IN THE MATTER OF AN ARBITRATION BETWEEN: UNIFOR, LOCAL 723M (the Union ) and. BELL MEDIA INC. (the Employer )

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IN  THE  MATTER  OF  AN  ARBITRATION         BETWEEN:         UNIFOR,  LOCAL  723M   (the  “Union”)       and        

BELL  MEDIA  INC.   (the  “Employer”)    

 

Grievance  of  Ivan  Wong  (Grievance  no.  723-­‐2014-­‐03)         AWARD          

Appearances  on  behalf  of  the  Union:   Micheil  Russell,  Counsel  

Dave  Lewington,  National  Representative   Kelly  Dobbs,  President,  Unifor  Local  723M   John  Sewell,  Treasurer  

Ivan  Wong,  Grievor    

 

Appearances  on  behalf  of  the  Employer:     Janine  Liberatore,  Counsel    

  Robert  Knapp,  Manager,  IT  Help  Desk  

  Catherine  Foti,  Director,  Human  Resources,  Queen  Street  

  Robert  Yamamoto,  Director  of  Infrastructure  Technology  Systems     M.    Morrison,  Director  of  Technical  Operations    

 

Arbitrator:  Diane  L.  Gee    

Date  of  Award:    June  9,  2015    

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1.  Grievance   no.   723-­‐2014-­‐03   is   a   grievance   in   which   it   is   alleged   that   the   Employer   is   in   violation   of   Article   10.1   of   the   collective   agreement   by   virtue   of   having   assigned   work   to   other   than   bargaining   unit   employees   without   recalling   Ivan  Wong  (the  “grievor”)  from  layoff.  Article  10.1  reads  as  follows:    

 

The   Company   agrees   not   to   assign   duties   relating   but   not   limited   to   the   preparation,   administration,   audition,   rehearsal   and/or   broadcast   of   the   Company’s   television   programmes   and   overall   operation,   including   the   operation  of  technical  equipment,  to  other  than  employees  in  the  bargaining   unit  if  such  work  assignment  directly  avoids  the  hiring  a  full-­‐time  employee  in   the  bargaining  unit,  directly  results  in  a  layoff,  or  avoids  a  recall  from  layoff  of   a   full-­‐time   employee.   It   is   agreed   that   the   Company’s   obligations   under   this   Article   shall   only   apply   with   respect   to   work   on   television   programmes   or   productions  produced  exclusively  by  and  for  the  company  on  the  company’s   premises.  

 

2. The   Employer   denies   that   it   is   in   violation   of   Article   10.1   of   the   Collective   Agreement.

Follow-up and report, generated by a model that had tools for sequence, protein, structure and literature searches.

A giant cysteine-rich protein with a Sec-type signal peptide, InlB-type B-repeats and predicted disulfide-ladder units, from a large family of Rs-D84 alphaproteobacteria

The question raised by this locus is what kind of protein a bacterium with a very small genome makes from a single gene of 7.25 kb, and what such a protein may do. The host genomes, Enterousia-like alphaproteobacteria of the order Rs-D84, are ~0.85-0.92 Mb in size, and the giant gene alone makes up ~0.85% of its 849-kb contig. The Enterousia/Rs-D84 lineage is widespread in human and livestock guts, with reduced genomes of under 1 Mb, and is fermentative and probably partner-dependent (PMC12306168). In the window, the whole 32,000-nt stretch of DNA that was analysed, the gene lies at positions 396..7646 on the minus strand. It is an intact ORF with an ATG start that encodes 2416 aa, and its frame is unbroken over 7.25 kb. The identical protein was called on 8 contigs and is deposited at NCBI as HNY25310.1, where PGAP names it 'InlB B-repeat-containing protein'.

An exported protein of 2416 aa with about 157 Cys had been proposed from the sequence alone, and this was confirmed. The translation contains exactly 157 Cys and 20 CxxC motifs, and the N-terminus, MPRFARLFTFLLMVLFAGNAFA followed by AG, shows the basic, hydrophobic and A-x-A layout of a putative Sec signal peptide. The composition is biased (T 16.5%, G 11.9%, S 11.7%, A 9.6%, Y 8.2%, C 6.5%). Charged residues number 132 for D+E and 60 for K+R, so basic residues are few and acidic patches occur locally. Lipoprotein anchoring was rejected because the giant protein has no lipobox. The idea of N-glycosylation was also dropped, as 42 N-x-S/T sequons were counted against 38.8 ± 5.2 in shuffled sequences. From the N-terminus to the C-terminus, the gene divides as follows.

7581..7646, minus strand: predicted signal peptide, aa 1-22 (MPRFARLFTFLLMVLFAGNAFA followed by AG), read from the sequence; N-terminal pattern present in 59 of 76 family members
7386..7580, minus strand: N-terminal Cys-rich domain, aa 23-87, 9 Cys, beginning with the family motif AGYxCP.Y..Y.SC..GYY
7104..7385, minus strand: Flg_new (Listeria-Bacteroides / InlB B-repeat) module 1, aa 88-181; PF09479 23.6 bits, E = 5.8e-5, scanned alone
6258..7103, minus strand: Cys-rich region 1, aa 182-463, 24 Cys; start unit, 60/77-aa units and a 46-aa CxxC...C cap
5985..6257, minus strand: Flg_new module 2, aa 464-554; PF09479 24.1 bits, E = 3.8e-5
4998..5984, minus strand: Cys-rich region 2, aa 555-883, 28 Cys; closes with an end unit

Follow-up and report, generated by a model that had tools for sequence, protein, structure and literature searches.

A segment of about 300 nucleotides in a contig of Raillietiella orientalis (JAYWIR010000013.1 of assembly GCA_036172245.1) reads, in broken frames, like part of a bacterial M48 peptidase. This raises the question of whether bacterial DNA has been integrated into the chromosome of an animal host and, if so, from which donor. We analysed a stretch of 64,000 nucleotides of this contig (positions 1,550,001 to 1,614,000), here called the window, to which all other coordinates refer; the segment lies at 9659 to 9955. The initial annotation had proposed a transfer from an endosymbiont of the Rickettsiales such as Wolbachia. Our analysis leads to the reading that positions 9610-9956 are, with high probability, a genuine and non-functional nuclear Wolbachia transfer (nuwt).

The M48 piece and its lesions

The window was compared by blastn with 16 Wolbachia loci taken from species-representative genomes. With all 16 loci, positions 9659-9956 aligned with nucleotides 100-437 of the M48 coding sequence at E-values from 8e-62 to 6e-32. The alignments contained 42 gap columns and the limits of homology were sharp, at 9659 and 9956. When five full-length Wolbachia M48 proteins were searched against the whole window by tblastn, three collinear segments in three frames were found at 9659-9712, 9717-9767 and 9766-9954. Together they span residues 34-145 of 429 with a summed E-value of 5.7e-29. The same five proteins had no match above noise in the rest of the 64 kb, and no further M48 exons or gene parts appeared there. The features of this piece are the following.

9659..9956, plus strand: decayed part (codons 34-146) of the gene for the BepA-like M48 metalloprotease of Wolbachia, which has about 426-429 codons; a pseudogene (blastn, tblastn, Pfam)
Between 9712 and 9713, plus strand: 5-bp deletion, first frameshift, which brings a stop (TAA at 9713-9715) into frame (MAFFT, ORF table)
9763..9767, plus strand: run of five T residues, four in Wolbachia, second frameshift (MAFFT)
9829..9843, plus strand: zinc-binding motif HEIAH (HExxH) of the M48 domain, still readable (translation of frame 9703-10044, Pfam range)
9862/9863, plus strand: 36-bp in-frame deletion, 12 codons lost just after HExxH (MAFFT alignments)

3. The  parties  called  numerous  witnesses  over  the  course  of  the  hearing.    The   Union  called  John  Sewell,  Treasurer,  and  David  Lewington,  National  Representative.   The  Employer  called  Mr.  Morrison,  Director  of  Technical  Operations;  Catherine  Foti,   Director,  Human  Resources  Queen  Street;  Rob  Yamamoto,  Director  of  Infrastructure   Technology   Systems;   Robert   Knapp,   Senior   Manager   Business   Solutions   Architecture;   and   Anthony   Petron,   Help   Desk   Supervisor   at   Queen   Street   and   Agincourt.  

 

4. The   National   Association   of   Broadcast   Employees   and   Technicians   (“NABET”)  was  certified  in  June  1988  to  represent  a  unit  of  employees  of  CITY-­‐TV,   CHUM   City   Productions   Limited,   and   MuchMusic   Network,   Division   of   CHUM   Limited.   In   June   1995,   the   certificate   was   amended   to   change   the   name   of   the   bargaining   agent   to   the   Communications,   Energy   and   Paperworkers   Union   of   Canada  (“CEP”)  and  further  change  the  name  of  the  employer  to  CITY-­‐TV,  CHUM  City   Productions  Limited,  MuchMusic  Network  and  BRAVO!    a  Division  of  CHUM  Limited.   The   certificate   is   for   an   “all   employee   unit”   except   for   specific   exclusions   and   contains  no  geographic  reference  aside  from  a  reference  to  “Toronto,  Ontario”  that   appears  immediately  below  the  list  of  entities  that  comprise  the  “employer”  in  the   title  of  proceedings.    As  at  the  time  of  the  instant  proceedings,  the  bargaining  agent   had  become  UNIFOR,  Local  723M  and  the  employer  Bell  Media  Inc.    The  Certification   Order  has  not  been  amended  to  officially  record  this  change.    

 

5. The   Collective   Agreement   between   the   parties   that   applies   to   the   instant   dispute   was   in   effect   from   November   1,   2009   to   May   31,   2014.     The   entities   that   collectively  constitute  the  “Company”  that  is  bound  to  the  Collective  Agreement  are:   Bravo!   Digital   Media,   Fashion   Television   Channel,   Much   LOUD,   Much   More   Music,  

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Much  Music,  Much  Vibe,  Much  More  Retro,  Space:  The  Imagination  Station,  Star!  –   The  Entertainment  Information  Station,  and  CP24,  all  divisions  of  CTV  Limited.  The   Company  is  a  both  a  broadcaster  and  producer  of  television  and  radio.